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Action Stations: The Key Elements of Crisis Management



How’s that phone battery looking? Fully charged?

This question may strike you as a little random, but bear with – you’ll see where this is headed. What we’re really asking you to consider is how your personality affects the way you respond to a potential crisis (and yes, a dead phone battery can count as a crisis of sorts, albeit a first world one).

Are you, for example, the sort of person who is compelled to charge their phone as soon as the battery dips below 50%, or is your panic threshold a more perilous 5%? Do you race to a petrol station the second the low fuel light comes on, or do you gleefully gun it down to your last few kilometres?

If your personality’s the latter, then it’s time to listen up. A response that’s more relaxed than rapid may work for you in your personal life (although as you’d expect from passionate proponents of proactive behaviour, we’d argue that you’re on borrowed time), but it certainly won’t cut it in the workplace.

“What people fail to consider is the potential impact of their inaction,” says PEPworldwide:nz managing director Kathryn Anda. “They tell us that leaving things to the last minute is simply part of their personality. And that may be the case. But I do think they need to be mindful of the unnecessary stress of constantly pushing themselves to the limit. It may only be at a subconscious level, but any unnecessary stress is unhealthy in the long-term.”

What people fail to consider is the potential impact of their inaction.

What’s more, the repercussions of a hands-off rather than head-on approach to trouble brewing can extend well beyond undermining your own wellbeing. A “wait and see” approach to any simmering situation in the workplace rarely ends well. “We often encounter situations where a manager’s reluctance to address an issue has had major ramifications for the company,” observes Anda. “Often, for example, a manager will be aware that a certain employee is not very happy in their role. But if they’re inclined to park the problem rather than tackle it, they run the risk of a resignation.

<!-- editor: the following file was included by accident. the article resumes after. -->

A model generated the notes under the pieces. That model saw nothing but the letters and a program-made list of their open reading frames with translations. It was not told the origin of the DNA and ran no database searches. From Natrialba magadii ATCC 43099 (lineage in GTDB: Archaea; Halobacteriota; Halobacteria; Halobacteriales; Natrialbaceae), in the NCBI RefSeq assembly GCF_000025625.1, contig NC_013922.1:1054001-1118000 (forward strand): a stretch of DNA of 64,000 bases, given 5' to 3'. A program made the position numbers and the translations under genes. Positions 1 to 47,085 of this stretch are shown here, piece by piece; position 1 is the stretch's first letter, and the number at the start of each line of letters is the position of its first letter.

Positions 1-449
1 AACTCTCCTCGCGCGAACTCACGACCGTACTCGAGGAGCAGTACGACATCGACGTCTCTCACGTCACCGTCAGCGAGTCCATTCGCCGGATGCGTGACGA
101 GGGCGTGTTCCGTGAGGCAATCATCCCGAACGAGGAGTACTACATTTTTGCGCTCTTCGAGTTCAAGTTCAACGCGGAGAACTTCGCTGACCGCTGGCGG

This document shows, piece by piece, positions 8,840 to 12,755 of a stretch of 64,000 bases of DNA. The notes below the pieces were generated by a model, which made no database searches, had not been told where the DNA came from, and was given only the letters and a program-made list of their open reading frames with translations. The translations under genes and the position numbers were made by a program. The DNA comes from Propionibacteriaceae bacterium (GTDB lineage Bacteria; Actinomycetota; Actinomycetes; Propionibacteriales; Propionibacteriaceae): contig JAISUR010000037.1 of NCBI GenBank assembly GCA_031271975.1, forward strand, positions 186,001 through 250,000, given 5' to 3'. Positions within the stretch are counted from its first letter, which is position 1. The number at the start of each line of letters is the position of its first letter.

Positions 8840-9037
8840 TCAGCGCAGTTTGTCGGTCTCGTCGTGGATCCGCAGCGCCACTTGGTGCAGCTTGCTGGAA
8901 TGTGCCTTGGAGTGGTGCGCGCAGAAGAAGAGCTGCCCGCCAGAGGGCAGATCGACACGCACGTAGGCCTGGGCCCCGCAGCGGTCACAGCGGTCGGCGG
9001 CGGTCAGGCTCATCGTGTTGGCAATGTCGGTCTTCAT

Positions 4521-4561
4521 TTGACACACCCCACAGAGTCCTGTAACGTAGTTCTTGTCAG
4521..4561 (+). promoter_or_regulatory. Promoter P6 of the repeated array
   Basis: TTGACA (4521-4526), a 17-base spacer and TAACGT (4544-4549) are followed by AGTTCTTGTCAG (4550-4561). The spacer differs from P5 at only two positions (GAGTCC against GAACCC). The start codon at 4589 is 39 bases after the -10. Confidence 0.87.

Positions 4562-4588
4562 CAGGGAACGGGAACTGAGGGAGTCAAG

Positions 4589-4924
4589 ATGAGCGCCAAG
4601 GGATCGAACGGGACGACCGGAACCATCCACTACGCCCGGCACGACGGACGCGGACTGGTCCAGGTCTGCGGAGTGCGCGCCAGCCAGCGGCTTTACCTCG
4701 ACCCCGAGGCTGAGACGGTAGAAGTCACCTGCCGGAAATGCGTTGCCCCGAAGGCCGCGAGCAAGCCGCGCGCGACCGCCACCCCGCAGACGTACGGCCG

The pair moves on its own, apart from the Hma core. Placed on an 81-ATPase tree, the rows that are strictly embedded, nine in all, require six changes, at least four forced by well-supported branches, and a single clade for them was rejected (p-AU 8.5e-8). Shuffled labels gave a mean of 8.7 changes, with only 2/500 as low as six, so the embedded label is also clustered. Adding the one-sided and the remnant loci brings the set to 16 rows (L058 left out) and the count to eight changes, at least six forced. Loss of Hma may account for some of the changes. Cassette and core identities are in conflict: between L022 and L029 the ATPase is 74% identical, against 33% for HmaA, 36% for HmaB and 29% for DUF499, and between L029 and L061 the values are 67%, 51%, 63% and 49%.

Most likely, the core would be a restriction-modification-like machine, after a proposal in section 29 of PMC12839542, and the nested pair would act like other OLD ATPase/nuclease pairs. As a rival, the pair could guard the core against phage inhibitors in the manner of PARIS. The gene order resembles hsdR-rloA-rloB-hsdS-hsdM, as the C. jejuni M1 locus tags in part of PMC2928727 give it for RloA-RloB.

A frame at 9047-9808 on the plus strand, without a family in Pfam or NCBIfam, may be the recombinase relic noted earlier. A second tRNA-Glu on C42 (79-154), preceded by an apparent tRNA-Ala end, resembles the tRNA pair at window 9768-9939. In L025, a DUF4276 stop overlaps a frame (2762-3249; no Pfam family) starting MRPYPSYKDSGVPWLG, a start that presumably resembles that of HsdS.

And, of course, the impact of that is potentially months of lost productivity while that person is replaced and a new employee is brought up to speed. That upheaval could all be avoided with a simple conversation at the first sign of trouble.”

In other words, effective crisis management is not complicated. In fact, it can be summarised in two simple points. So we’ve shared these below for all those of you keen to cut back on pre-Christmas crises (that’s everyone, right?):

Acknowledge your personality’s potential pitfalls.

So living life on the edge is just the way you roll? Fair enough. But be aware that in certain areas – particularly the workplace – that approach is asking for trouble. “In certain situations you are going to have to stop and force yourself to deal with an issue,” says Anda. “Otherwise you are simply increasing stress – not only for yourself, but for your colleagues, too.” If taking it to the limit only impacts you, go ahead! But if it impacts the business? Rein it in, cowboy.

Act on instinct.

Have a sense that something’s not quite right? Then it probably isn’t. “Don’t ignore warning signs,” advises Anda. “Your intuition is powerful – so use it. Catch that stray spark before it turns into an inferno.” Apocalyptic imagery aside, it’s unlikely that you’ll ever regret erring on the side of caution.

So let’s sum up this disposition-driven crash course in crises. Whether you like to teeter on the brink or prefer a spot well back from the edge, a proactive approach to an impending issue equals less stress and better outcomes for your organisation. Now even the most committed crisis-deniers amongst you must recognise the value of this advice. And there’s one last thing to consider. How often do you find yourself saying “I’m so glad I put off dealing with that problem?”

Exactly.